GTX680 operates at a minimum of 1058mhz, with most cards hitting 1110mhz. With overclocking a lot of cards max out at just 1230-1250mhz. Therefore, the GPU scaling should be commensurate with the frequency increase (which is 1250 / 1110 = 13%). OTOH, Tahiti overclocks from 925mhz to let's say 1200mhz (or a 30% overclock).

In other words, it's not scaling that's the problem with GTX680, but that most of the overclocking headroom has been "eaten away" by dynamic GPU Boost. It's incorrect to state that GTX680 has poor overclocking scaling.
No, it has small overclocking headroom and you don't gain as much as Tahiti for every percent you clock it higher which, again, isn't that big of an issue because the HD 7970 will "only" catch up.
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Old 05-04-2012, 09:43 PM   #61
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Remember the 590s that cooked when the voltage was increased? Might be an answer to why.
I think that's because NV didn't allow AIBs to change the components on the 590.

- The VRMs can be increased
- The power can be raised to 300W with dual 8-pins
- The cooling can be improved.

All that has been done:







And they still locked the BIOS...
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Old 05-04-2012, 09:47 PM   #62
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Single slot GTX670....maybe



GTX670 = tiny PCB = mid-range GPU.





Some speculation that memory clocks will be lowered from 6008 to ~5000, dropping memory bandwidth from 192 GB/sec to ~160 GB/sec. Weak sauce.
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Old 05-04-2012, 10:03 PM   #63
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NV should have at least allowed AIBs to ship after market cards with beefier VRMs, cooling and unlocked voltage. With just 1.212V, 680 seems to hit 1350-1400mhz. I don't understand why NV had to lock out the voltage completely. After allowing EVGA to release 850mhz GTX460 FTW edition, this seems almost backwards.

Perhaps NV is going to launch "K" series chips with unlocked voltages. Here you go for $50 more GTX680-K with fully unlocked voltage for overclocking -- GPU overclocking of the future, the Intel way.
You are assuming they have any GK104 chips to sell the AIB's to make these "unlocked" cards.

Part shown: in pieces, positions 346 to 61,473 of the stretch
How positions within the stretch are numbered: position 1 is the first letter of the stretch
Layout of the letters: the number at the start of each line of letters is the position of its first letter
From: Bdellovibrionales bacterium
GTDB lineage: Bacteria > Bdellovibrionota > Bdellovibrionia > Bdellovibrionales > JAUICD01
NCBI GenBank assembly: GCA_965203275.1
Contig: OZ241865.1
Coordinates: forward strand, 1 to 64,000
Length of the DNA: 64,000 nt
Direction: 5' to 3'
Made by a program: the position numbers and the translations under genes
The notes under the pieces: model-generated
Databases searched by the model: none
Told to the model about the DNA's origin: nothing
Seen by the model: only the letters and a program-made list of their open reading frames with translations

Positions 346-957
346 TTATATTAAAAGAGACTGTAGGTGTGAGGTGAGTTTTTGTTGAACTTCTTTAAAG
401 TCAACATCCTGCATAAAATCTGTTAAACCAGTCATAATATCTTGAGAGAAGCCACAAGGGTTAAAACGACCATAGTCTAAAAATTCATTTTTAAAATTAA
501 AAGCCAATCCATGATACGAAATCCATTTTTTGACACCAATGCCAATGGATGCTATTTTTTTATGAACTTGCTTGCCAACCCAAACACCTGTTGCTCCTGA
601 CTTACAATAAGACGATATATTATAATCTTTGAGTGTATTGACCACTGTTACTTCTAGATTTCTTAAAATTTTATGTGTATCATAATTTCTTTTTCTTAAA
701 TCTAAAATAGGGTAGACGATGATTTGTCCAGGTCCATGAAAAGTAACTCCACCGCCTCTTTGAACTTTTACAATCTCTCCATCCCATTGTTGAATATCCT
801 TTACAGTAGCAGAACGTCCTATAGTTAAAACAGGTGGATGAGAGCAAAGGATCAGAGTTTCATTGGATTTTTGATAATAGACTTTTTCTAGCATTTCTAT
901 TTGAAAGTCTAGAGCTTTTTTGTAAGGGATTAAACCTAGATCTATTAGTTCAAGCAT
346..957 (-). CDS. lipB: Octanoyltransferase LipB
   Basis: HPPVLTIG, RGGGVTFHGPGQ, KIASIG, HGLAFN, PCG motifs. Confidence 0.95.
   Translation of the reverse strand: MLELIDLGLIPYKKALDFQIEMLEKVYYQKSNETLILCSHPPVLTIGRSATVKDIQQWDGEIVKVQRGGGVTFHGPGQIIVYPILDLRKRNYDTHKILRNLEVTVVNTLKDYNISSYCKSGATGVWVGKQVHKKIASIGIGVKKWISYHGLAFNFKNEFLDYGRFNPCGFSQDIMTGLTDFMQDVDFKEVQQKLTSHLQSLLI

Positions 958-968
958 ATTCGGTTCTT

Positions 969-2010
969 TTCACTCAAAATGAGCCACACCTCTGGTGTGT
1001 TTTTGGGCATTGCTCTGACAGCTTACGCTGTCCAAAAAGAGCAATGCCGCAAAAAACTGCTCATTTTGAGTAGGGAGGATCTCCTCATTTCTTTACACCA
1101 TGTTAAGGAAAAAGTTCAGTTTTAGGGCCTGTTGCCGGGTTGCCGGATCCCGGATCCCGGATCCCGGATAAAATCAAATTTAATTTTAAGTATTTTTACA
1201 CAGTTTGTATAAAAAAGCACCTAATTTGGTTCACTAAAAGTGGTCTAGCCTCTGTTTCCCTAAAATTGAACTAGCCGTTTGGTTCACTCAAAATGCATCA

The 460 FTW served it's purpose. If the same situation arrives again, we might see the same thing happen.

The "K" series is an interesting thought. :nodshead:
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Old 05-04-2012, 10:10 PM   #64
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Snip
I have no idea where you find this stuff, lol. Anyway, it would seem that the gtx680 was supposed to be the gtx670ti. So this new card that is being called the gtx670 in rumors... should have been the gtx660.

Why does this card have such a big shroud (and presumably heatsink) relative to the PCB?

My speculation: Maybe it wasn't supposed to, but since Nvidia needed an answer to the 7950, this little card was conscripted for the task. Only problem was that it needed high clocks to beat the 7950 (stock vs. stock), which put off a lot of heat, so in the end the little card had to get an oversized cooling assembly to keep heat and noise tolerable.
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Old 05-04-2012, 10:12 PM   #65
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nV has silenced a lot of critics since Fermi 1. Bravo.
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Old 05-04-2012, 10:16 PM   #66
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NV should have at least allowed AIBs to ship after market cards with beefier VRMs, cooling and unlocked voltage. With just 1.212V, 680 seems to hit 1350-1400mhz. I don't understand why NV had to lock out the voltage completely. After allowing EVGA to release 850mhz GTX460 FTW edition, this seems almost backwards.